Abstraction means to remove, or lift out of, context.. When abstracted, social relations are taken out of their place in time and space. For example, in advertisements human characteristics tend to be detached from real people in such a way as to seem like interchangeable traits. In fact, this is one of the basic presuppositions of most consumer ads: the feature that we admire in the model can supposedly be ours upon consumption.
Abstraction occurs when social relations are detached from the personal biographies of those who live them. Abstracted individuals and relationships are those in which means (consumption) and ends (whatever consumption yields) have no relation other than that provided by the commodity.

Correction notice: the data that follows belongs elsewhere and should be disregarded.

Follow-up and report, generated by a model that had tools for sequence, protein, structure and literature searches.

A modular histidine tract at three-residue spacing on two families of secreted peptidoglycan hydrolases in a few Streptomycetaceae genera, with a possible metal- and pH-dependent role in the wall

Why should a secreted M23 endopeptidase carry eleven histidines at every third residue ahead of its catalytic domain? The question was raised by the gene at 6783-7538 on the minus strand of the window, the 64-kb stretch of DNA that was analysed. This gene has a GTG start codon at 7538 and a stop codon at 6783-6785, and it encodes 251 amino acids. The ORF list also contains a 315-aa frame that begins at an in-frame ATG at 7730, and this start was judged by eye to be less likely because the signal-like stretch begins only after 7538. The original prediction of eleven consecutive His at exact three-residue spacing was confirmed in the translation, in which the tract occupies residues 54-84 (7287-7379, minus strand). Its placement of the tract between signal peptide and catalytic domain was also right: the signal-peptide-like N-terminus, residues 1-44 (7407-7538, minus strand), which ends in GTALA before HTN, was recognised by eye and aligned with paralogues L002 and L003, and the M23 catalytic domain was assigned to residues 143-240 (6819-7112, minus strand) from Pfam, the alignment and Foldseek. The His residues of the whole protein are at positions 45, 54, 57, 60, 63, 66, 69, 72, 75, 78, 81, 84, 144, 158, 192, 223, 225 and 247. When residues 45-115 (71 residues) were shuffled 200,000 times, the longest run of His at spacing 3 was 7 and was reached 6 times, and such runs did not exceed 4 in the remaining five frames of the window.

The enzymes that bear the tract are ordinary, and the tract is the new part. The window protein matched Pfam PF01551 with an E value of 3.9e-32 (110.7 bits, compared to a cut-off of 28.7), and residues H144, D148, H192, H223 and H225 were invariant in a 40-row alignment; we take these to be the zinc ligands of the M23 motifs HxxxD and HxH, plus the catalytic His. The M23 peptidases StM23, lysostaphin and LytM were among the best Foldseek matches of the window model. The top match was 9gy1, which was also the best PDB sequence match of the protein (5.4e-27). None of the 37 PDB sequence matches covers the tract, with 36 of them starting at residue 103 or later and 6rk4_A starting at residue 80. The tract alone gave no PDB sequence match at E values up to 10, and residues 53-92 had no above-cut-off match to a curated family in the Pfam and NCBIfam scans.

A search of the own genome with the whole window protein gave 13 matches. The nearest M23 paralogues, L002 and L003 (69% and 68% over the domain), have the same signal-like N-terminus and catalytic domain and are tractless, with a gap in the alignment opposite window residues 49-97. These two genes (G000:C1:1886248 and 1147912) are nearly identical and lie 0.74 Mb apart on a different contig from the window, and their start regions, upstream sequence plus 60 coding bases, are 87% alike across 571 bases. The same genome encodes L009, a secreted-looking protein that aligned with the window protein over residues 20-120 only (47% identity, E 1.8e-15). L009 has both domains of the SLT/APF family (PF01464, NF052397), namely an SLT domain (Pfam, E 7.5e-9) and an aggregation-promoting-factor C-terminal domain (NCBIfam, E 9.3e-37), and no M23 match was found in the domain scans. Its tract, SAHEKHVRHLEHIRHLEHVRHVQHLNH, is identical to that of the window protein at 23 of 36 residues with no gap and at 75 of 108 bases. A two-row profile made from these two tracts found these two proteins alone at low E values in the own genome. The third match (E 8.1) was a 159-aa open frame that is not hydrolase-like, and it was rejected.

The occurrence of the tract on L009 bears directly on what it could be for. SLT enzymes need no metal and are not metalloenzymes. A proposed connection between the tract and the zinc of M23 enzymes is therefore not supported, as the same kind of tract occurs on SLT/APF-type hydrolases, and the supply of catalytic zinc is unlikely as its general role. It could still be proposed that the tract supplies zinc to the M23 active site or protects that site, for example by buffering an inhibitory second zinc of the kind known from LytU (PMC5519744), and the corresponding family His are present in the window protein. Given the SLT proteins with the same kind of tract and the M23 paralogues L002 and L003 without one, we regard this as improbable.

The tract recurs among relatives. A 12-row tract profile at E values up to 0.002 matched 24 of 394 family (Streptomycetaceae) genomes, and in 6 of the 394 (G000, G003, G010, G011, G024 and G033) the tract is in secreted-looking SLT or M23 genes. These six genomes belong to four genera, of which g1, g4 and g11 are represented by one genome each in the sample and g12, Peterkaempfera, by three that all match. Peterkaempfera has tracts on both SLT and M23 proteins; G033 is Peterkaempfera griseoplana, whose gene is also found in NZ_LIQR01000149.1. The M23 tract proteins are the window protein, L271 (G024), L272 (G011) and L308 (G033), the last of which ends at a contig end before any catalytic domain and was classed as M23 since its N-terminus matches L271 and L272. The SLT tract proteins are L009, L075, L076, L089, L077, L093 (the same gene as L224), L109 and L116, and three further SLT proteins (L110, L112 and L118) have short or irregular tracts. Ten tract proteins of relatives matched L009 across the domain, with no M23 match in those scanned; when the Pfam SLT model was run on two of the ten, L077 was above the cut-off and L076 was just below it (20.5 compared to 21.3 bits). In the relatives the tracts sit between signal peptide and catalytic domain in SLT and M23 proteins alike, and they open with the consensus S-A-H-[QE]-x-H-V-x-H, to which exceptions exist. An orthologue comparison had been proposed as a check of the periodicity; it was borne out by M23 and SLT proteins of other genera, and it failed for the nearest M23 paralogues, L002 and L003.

Advertising is based on a routine practice of detaching a signifier from a meaning system so that it can be employed with another. Earlier we used the example of advertisers lifting the "Blues" as a signifier (of a musical sound/style/genre) from its context in Black poverty and social relations.
The ability to photographically capture an image carries with it the capacity to change its meaning by changing what it appears in relation to. This fundamental point is made by John Berger in "Ways of Seeing" and again in "Appearances." Berger seeks to remind us that this kind of abstraction becomes totally taken-for-granted in everyday life, even though it has significant consequences.